Skip to main content

Another Blogger for Nuclear Energy

A lot of people realize that global heating is the biggest environmental problem mankind currently faces. On a short term, nuclear energy is the only realistic and economically viable option to fight this.

Greenpeace, however, will not accept this as a fact nor start promoting nuclear energy as a lesser evil than fossil energy. Since the organisation has been very succesful in fighting nuclear energy since the seventies (and boosting CO2-emissions), this would be like a guilt confession admitting they are an actual accomplice of the greenhouse effect. Which, of course, they are.

By sustaining old fashioned, dogmatic and simplistic environmentalist ideas, organisations like Greenpeace show they are ultimatley more interested in their own survival as a charitative organisation, than in the endurance of our world.
As we've seen in the past, not everyone associated with Greenpeace is engaging in hysteria any longer.

UPDATE: Meet the Neo-Libertarian:
If you're worried about global warming, carbon/methane pollution, or the cost of oil/gas, then let's get some more nuclear plants in construction. More research would also be really great (especially if they ever prove cold fusion as possible).

It's great for the people scared of global warming, because it doesn't throw carbon, methane and other heat-trapping elements into the sky. Personally I have my doubts about some of the features of global warming theory, mostly focused on our inability to really prove much of anything about it, but it's moot if we move to nuclear power.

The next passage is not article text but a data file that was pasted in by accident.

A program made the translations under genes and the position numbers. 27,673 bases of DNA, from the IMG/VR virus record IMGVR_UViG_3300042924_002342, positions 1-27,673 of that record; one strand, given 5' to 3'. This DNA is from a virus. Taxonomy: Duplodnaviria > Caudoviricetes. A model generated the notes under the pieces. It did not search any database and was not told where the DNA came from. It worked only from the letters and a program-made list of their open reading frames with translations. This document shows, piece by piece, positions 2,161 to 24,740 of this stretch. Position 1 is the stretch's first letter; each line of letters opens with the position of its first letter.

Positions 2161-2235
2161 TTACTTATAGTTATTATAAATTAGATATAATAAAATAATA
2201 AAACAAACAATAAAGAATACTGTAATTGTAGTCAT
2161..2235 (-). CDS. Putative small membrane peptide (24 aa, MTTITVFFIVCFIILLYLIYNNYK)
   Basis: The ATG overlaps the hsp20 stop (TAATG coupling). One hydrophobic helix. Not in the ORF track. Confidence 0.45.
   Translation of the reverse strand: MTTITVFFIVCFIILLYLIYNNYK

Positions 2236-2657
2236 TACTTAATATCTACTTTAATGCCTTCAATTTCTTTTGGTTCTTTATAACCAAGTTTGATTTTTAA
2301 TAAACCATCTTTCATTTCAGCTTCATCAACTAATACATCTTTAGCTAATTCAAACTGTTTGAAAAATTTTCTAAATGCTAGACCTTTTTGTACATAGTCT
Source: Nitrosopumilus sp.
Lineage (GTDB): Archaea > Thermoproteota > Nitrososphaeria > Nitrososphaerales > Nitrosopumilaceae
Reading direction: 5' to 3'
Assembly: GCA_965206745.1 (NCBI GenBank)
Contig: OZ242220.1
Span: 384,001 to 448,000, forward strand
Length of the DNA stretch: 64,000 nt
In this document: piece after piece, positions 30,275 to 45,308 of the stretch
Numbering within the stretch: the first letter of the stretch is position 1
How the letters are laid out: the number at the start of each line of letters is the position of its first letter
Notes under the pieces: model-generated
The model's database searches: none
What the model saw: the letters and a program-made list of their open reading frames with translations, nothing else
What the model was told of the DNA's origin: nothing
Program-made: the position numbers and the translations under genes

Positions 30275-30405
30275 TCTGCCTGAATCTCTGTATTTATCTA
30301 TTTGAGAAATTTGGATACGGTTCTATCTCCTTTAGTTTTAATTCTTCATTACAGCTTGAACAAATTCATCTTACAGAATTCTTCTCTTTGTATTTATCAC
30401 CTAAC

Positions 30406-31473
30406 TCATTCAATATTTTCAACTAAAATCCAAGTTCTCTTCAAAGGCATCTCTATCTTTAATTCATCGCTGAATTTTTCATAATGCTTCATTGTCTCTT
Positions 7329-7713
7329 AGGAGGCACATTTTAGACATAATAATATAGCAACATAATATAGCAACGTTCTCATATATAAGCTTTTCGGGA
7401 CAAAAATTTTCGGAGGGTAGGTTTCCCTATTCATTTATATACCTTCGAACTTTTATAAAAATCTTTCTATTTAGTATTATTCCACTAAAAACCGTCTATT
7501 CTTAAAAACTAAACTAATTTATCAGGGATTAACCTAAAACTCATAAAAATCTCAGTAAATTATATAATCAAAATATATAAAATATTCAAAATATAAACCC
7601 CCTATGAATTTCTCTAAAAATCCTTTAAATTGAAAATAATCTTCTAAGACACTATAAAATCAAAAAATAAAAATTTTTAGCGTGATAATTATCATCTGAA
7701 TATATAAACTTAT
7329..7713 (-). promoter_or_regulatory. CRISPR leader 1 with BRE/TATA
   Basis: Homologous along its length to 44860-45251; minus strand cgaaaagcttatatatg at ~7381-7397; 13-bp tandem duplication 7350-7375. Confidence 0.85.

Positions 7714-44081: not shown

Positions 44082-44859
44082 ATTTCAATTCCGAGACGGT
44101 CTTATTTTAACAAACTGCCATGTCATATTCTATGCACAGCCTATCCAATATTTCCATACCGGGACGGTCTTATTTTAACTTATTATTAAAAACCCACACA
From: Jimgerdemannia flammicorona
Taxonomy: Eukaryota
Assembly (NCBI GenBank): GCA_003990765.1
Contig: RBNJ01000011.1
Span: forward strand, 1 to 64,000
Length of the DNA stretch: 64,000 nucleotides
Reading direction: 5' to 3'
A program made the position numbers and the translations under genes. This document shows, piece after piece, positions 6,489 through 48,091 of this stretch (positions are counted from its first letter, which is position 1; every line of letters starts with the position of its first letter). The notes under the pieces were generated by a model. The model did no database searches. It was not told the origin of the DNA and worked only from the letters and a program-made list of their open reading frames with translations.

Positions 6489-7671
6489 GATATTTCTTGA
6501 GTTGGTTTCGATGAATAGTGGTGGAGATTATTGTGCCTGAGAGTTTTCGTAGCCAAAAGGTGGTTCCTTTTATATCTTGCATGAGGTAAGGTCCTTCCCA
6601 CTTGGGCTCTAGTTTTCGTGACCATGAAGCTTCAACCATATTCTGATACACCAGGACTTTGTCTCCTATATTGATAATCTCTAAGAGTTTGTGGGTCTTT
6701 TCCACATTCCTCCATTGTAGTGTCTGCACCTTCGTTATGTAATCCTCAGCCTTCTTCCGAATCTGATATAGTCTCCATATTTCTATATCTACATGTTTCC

For those concerned about the negative effects of air pollution, nuclear power's negative pollution is more easily contained and controlled. I'll concede that disposing of nuclear waste is definitely an issue, especially given lengthy half-life issues, but I'll take pollution we can handle, transport and bury over pollution that's simply thrown up into the air. Nuclear waste is one of the biggest problems connected to the source, but I'd argue that it's more controllable and ultimately safer.
And here's the New York College Republican on why New York needs nuclear energy now:
There's never been a better time. Petroleum-based fuel prices are at their highest, making public awareness about the importance of "energy independence" (don't the words just roll off your tongue?) at the highest you'll see it for a long time (before the supply problems *really* start to set in)... These aren't your grandfather's nuclear power plants: their cores run for longer without refueling. They're more efficient, providing more energy and producing less waste, and most importantly, they're safer.
Technorati tags:


Matthew66 said…
ABC News (Australia) reports that Greenpeace Australia has condemned the latest report on Chernobyl. It has found other "evidence" that supports its view that nuclear power is dangerous. This does not surprise me. Ideologues usually ignore or condemn evidence that does not support, or contradicts their views, and go to great lengths to find "evidence" that supports their view. Personally, I prefer to examine all the evidence available from reputable sources (and I consider the UN to be a reputable source) and draw conclusions from that. This sometimes leads me to change a previously held opinion, including changing my previously held view that nuclear power is too dangerous to use. I now believe, based on reports such as the 2001 UNSCEAR report and many others, that nuclear power is the safest option for new baseload electricity generating facilities, and for desalination of water in preference to damming rivers for drinking water.